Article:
Bethesda, Md. – Despite the potential costs, legal consequences and other negative outcomes of data breaches, they continue to happen. A new SANS Institute survey looks at the preventive aspect of breaches - and what security and IT practitioners actually are, or are not, implementing for prevention.
The survey, Breach Detected! Could It Have Been Prevented?, looked at how practitioners might overcome barriers to implementing effective prevention, including developing clear requirements and defining specific preventive measures, such as the role of automation, threat intelligence and others.
The survey also illustrates an apparent disconnect between what is considered preventive by the majority of respondents and the measures that have been implemented for prevention:
- 85 percent of respondents consider blocking known malware as a preventive measure, yet less than half (40 percent) have implemented these methods;
- 63 percent consider robust testing is preventive, while only 39 percent have implemented robust testing;
- Nearly 60 percent consider metrics-based evaluation and reporting preventive but only 40 percent are using evaluation and reporting.
Said SANS Institute senior analyst and survey paper author Barbara Filkins, "Many data breaches can be avoided or the impact mitigated, but preventing them continues to be a challenge in the real world. The survey illustrates the disconnect between what respondents consider preventive controls versus what they have implemented as preventive measures."
Respondents indicated that lack of enough staffing, inadequate budgets and a deficit of skills are barriers to preventing breaches. Limitations in legacy infrastructure also emerged as a factor prohibiting organization from not being more proactive in protecting critical data.
"We must change the way we think about cybersecurity today and address the gap between understanding preventative measures and actually implementing them," said Rick Howard, chief security officer, Palo Alto Networks. "If we adopt a breach prevention-oriented mindset, the combination of next-generation technology, improvements in processes and training, and real-time sharing of threat intelligence, organizations can vastly reduce the number of successful attacks and restore the digital trust we all require for our global economy."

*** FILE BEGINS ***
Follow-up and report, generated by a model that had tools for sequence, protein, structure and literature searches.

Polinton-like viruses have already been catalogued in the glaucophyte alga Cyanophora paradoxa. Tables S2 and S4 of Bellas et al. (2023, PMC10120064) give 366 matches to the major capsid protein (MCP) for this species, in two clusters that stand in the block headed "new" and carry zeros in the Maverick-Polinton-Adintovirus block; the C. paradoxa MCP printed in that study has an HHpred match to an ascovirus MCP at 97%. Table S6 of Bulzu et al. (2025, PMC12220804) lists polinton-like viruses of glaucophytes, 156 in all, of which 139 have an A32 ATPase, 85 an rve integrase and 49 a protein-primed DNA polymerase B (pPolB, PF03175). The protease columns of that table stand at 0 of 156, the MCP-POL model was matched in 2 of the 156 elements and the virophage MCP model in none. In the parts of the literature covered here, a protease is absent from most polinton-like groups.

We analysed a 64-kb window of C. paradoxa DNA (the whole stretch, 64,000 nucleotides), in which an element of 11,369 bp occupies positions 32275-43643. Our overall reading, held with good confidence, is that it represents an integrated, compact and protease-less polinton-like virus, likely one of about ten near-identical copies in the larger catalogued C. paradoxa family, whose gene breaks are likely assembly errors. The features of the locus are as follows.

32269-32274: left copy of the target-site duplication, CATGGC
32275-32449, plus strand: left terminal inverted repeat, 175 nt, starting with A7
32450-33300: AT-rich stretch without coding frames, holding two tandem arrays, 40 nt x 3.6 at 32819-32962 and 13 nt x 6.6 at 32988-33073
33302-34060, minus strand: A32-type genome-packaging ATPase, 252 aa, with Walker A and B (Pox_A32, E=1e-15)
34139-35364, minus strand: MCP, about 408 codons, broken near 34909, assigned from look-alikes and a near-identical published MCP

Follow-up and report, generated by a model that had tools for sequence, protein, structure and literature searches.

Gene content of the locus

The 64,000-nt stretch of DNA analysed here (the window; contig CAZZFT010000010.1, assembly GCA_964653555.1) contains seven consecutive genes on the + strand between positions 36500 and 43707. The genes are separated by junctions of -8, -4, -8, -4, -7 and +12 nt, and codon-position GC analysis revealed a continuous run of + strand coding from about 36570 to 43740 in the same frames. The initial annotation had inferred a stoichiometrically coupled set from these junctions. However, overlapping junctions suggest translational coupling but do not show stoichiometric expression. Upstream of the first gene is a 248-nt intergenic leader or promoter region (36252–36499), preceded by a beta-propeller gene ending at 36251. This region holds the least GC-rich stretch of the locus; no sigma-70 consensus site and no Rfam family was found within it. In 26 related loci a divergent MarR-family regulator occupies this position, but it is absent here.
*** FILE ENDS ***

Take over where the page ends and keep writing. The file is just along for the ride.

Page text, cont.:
"Data collected from survey respondents points to the need to better define prevention in terms of the metrics (qualitative or quantitative) that can be used to explain and justify preventive measures to management/decision makers in an organization," said Filkins.
The survey also looked at how practitioners might overcome barriers to implementing effective prevention, including developing clear requirements and defining specific preventive measures, including the role of automation, threat intelligence and others.
Full results will be shared during a free webcast Tuesday, Sept. 13, 1:00 p.m. Eastern Standard Time, sponsored by Palo Alto Networks.
Register to attend the complimentary webcast at:
Those who register for the webcast will also receive access to the published results paper.
Breach Detected! Could It Have Been Prevented?" SANS 2016 Data Breach Survey results w/ @PaloAltoNtwks 9/13 1PM EDT www.sans.org/u/kQM
UPCOMING WEBCAST! Don't miss the SANS 2016 Data Breach Prevention Survey results w/ @PaloAltoNtwks | 9/13 @ 1PM EDT| www.sans.org/u/kQM
About SANS Institute
The SANS Institute was established in 1989 as a cooperative research and education organization. Today, SANS is the most trusted and, by far, the largest provider of cyber security training and certification to professionals in government and commercial institutions world-wide. Renowned SANS instructors teach more than 60 courses at in-person and virtual cyber security training events and on demand. GIAC, an affiliate of the SANS Institute, validates practitioner skills through more than 35 hands-on, technical certifications in cyber security. The SANS Technology Institute, a regionally accredited independent subsidiary, offers a master’s degree, graduate certificates, and an undergraduate certificate in cyber security. SANS Security Awareness, a division of SANS, provides organizations with a complete and comprehensive security awareness solution, enabling them to easily and effectively manage their ‘human’ cybersecurity risk. SANS also delivers a wide variety of free resources to the InfoSec community including consensus projects, research reports, webcasts, podcasts, and newsletters; it also operates the Internet's early warning system–the Internet Storm Center. At the heart of SANS are the many security practitioners, representing varied global organizations from corporations to universities, working together to support and educate the global information security community. (https://www.sans.org)